Nora Robert’s The Witness is a Quest for Survival

By Nduta Waweru

Elizabeth Fitch is a 16-year- old good girl that never goes against what her mother says even when it is too much for her. One night, after an argument with her mom, she decides to rebel against all her rules and go on a night out. With a fake ID and a friend from school, she gets into a club but an incident with a Russian mob changes her life forever.

As most Roberts books, the first few pages are usually dedicated to laying the groundwork for readers to understand the character and their motives. This is no different: we see Elizabeth’s run-ins with the law as she tries to keep safe from the mob, to reconcile with her mother and to make use of her computer skills to survive.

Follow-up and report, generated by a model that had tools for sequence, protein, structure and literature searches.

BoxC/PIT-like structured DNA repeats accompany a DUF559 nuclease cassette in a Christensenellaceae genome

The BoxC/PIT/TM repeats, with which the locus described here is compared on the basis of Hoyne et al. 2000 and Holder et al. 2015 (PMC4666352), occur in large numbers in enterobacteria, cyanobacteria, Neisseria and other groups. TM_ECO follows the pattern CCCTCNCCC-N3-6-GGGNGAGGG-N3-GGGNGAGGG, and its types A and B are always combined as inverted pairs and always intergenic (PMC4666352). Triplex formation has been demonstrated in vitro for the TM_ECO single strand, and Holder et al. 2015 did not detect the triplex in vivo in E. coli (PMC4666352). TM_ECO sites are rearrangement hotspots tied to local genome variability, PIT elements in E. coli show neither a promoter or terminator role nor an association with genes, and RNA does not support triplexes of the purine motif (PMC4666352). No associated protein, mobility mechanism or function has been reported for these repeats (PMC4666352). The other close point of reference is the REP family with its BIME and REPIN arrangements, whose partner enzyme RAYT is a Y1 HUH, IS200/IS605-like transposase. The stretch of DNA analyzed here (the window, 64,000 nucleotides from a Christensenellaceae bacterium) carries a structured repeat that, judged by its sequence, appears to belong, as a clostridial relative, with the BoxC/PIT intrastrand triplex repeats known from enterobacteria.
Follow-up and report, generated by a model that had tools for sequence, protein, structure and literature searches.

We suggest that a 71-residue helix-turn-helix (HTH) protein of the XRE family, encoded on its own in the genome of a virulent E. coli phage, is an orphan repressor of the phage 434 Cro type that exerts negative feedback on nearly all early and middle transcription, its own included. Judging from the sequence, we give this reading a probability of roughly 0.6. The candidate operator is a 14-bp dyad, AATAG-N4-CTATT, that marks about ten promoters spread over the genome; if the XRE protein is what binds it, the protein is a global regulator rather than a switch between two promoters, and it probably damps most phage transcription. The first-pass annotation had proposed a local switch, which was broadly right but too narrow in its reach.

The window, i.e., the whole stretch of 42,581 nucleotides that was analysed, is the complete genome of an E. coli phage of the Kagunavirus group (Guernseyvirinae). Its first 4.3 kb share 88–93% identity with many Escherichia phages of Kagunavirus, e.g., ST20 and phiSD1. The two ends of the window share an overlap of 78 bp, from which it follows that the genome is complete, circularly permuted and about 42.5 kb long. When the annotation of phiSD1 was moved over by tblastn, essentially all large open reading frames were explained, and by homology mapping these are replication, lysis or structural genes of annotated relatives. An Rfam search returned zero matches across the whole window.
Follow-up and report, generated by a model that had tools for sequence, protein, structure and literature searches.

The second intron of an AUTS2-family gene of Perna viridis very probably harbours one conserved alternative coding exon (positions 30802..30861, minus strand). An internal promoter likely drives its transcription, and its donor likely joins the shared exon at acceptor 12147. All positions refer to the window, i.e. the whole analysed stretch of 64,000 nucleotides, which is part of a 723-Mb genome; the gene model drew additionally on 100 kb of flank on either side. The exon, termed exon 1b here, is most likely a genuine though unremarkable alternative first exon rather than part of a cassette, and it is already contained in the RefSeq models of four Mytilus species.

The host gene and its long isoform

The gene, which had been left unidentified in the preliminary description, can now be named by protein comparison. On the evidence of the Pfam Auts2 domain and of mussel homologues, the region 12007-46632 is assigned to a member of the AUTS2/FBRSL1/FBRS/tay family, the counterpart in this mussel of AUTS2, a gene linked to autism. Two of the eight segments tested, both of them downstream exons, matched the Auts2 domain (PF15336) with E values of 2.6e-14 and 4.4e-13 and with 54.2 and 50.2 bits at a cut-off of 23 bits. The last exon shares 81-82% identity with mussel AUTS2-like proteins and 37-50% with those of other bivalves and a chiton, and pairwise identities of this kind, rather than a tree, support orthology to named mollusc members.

Years later, Elizabeth, now renamed Abigail, is in a quiet town of Bickford. And everything seems perfect, including her romance with the police chief, Brooks Gleason. But the unresolved issue with the mob seems to hover on her life and she is forced to do something about it.

What stands out with this story is the interconnection of different elements that make the reader relate to the character. Roberts does not drag the reader into violence without cause, which makes her a sensible thriller writer. The story also goes beyond the ordinary as it also gives a sneak peek into the life of the mob and its entanglement with the law.

If you are looking for a book with emotional entanglement between the main characters, this is not for you. Brooks and Abigail seem to get into a smooth relationship despite her nature, given everything she had gone through in her childhood and his suspicions about her.

But if you are interested in seeing an underdog overturn events against the mighty, The Witness is a fantastic easy read.

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